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How Climate Change Shapes Agriculture and Food Supply
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This is a WCEE Lunch and Learn event; please feel free to bring your own lunch. Register early; space is limited.

 Export to Your Calendar 9/7/2017
When: Thurs., Sept 7, 2017
12:00 noon - 1:30 pm
Where: Map this event »
Holland & Knight
800 17th Street, NW
Suite 1100
Washington 20006
United States
Contact: Cecilia Maggi


Online registration is available until: 9/5/2017
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WCEE Lunch & Learn Series presents

 

"How Climate Change Shapes Agriculture and Food Supply"

 

~ featuring ~

 

Sally Rockey, Executive Director

The Foundation for Food and Agriculture (FFAR)

 

Climate change poses unprecedented effects on agricultural yields, ecosystem services as well as livestock productivity and fertility.  These changes are evident through less predictable precipitation patterns, high temperatures, long-lasting drought as well as flooding that erodes healthy soils. Consequently, global warming threatens our ability to achieve global food security, to keep pollination services, and to manage pest pressures and diseases.

 

According to the US Department of Agriculture, the United States produces approximately $300 billion a year in agricultural commodities with livestock accounting for roughly half the value. Likewise, insect pollinators help sustain agricultural systems and contribute more than $24 billion, while the weed control market represents more than $11 billion to the United States economy annually.

 

Increasing temperatures and carbon dioxide concentrations will affect markets locally and globally due to less availability of stocks deriving in higher prices of food, fiber, biofuels along with major needs of pesticides and herbicides.

 

New research and technologies are responding to more fluctuating weather by developing drought-tolerant seed variates, planting and seeding patterns, soil and water management practices.  Information systems provide more accurate and spatially comprehensive data about climate change impact on tillage practices, crops and crop residue cover to decision-makers.

Join us to learn more about how new governmental policies and private initiatives are addressing social and economic challenges to capitalize new technologies, research and opportunities to curb climate change effects. In other words, join us to comprehend how leading experts enhance the economic and environmental resilience of our food supply.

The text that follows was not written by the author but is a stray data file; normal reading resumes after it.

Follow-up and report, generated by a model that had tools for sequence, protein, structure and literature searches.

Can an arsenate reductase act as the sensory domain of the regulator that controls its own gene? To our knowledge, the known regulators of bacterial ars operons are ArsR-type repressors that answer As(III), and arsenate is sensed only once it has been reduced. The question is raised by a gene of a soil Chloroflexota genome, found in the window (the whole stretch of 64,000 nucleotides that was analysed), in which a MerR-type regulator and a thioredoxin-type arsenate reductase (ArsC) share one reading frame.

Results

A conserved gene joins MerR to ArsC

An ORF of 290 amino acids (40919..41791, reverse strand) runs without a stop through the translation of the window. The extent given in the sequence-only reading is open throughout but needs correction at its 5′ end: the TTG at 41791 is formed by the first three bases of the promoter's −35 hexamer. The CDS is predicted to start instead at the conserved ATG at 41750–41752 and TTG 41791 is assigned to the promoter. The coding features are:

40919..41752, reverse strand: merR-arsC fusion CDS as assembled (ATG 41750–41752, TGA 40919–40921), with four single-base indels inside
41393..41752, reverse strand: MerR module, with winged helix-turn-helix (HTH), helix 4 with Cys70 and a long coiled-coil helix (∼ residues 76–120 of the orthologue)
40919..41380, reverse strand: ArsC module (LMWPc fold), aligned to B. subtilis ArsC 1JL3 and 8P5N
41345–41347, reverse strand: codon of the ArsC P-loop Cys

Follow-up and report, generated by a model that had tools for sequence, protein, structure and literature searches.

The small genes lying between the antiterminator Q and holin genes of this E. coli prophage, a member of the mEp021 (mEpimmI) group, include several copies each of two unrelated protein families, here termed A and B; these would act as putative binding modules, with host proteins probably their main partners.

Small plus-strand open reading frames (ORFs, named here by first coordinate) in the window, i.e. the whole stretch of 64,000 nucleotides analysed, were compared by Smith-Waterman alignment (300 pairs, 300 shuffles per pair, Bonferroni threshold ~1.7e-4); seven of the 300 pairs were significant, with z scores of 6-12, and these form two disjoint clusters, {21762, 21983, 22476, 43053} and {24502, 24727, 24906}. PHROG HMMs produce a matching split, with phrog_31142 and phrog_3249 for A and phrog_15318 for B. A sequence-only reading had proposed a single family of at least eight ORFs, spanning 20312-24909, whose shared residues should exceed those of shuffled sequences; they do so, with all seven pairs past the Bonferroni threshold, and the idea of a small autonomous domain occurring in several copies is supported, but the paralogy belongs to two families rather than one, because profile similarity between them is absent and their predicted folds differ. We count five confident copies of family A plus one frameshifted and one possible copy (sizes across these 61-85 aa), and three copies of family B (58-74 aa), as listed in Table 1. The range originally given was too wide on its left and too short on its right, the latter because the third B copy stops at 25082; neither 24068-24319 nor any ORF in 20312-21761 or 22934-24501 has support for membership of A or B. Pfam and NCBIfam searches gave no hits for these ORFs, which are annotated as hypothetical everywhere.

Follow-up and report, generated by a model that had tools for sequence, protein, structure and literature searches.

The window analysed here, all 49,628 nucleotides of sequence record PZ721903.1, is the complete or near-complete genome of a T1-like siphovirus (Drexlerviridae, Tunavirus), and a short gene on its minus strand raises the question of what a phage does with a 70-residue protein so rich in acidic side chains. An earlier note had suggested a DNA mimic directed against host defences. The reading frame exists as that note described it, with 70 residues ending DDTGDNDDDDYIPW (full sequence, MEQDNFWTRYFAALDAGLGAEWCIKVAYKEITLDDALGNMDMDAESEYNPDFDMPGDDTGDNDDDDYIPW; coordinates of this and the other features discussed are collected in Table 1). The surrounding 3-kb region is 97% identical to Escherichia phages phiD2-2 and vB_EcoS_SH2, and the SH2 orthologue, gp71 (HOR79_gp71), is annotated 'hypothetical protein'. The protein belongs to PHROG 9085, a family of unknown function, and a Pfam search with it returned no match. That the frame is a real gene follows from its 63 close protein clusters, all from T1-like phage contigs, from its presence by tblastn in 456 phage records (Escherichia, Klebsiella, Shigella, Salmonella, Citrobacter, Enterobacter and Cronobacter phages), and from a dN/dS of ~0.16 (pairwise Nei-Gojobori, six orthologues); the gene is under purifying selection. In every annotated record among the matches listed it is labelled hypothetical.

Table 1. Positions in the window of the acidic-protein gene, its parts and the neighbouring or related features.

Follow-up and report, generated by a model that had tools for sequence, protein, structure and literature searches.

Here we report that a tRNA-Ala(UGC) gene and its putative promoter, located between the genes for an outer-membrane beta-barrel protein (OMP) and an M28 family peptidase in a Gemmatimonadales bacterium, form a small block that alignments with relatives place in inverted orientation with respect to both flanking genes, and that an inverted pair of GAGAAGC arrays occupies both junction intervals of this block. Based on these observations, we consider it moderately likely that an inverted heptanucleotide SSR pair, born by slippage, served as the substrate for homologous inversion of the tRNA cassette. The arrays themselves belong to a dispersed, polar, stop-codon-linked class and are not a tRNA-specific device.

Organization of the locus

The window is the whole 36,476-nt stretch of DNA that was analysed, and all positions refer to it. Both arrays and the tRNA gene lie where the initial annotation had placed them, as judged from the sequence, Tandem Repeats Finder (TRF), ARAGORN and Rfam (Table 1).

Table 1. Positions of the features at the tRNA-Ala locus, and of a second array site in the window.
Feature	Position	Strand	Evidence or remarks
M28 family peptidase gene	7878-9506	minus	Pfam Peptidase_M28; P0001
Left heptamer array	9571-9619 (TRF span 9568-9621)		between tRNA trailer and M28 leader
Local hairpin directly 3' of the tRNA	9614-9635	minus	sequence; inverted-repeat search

In this seminar, attendees will learn about:

  • How climate change impacts on agriculture and food supply
  • How to increase efficiency of water use and reduce water pollution in agriculture
  • New technologies and practices to improve crop and livestock

  • How to enhance soil health and promote soil microbial communities

  • How to curb declining pollinator health in agricultural systems

 

Date: September 7, 2017

Time: 12:00 noon to 1:30 pm

Venue: 800 17th Street, NW – Suite 1100 – Washington, DC 20006.  Attendees must present their ID at the guards desk prior to go up to the 11th floor.

Cost: $0 (WCEE members); $15 (non-WCEE members).

Closest Metro stations: Farragut West Station and Farragut North Station

 

Contact: Cecilia Maggi (ceciliamaggi@hotmail.com)

 

This is a Lunch & Learn event; please feel free to bring your own lunch.

 

 

WCEE is grateful to

Holland and Knight LLP (hklaw.com)

for use of its conference facilities.

 

 

About our speaker

 

Dr. Sally Rockey

 

Dr. Sally Rockey became the inaugural Executive Director of the Foundation for Food and Agriculture (FFAR) in September 2015. Prior to this role, Dr. Rockey was a leader in Federal research, overseeing the operations of the extramural programs in both agriculture and biomedicine. She spent 19 years with the U.S. Department of Agriculture where she held a number of positions within the Cooperative State Research, Education, and Extension Service. Very early in her career she became the head of the competitive grants program, overseeing the extramural grants process and portfolio. In her last few years with USDA she was the Chief Information Officer, applying her breadth of government knowledge to IT.

From USDA she moved to and spent 11 years with the National Institutes of Health. As Deputy Director for Extramural Research, Dr. Rockey oversaw the operations of the largest Federal extramural research program and led groundbreaking initiatives and activities that have and will have a lasting positive impact on the research community.

Dr. Rockey was the recipient of the Presidential Rank Award in 2004.  She received her Ph.D. in Entomology from the Ohio State University and did postgraduate work at University of Wisconsin prior to joining the government. She has devoted her career to improving people’s lives through research and will continue her mission by seeing FFAR become an essential component of the scientific enterprise.

 

 

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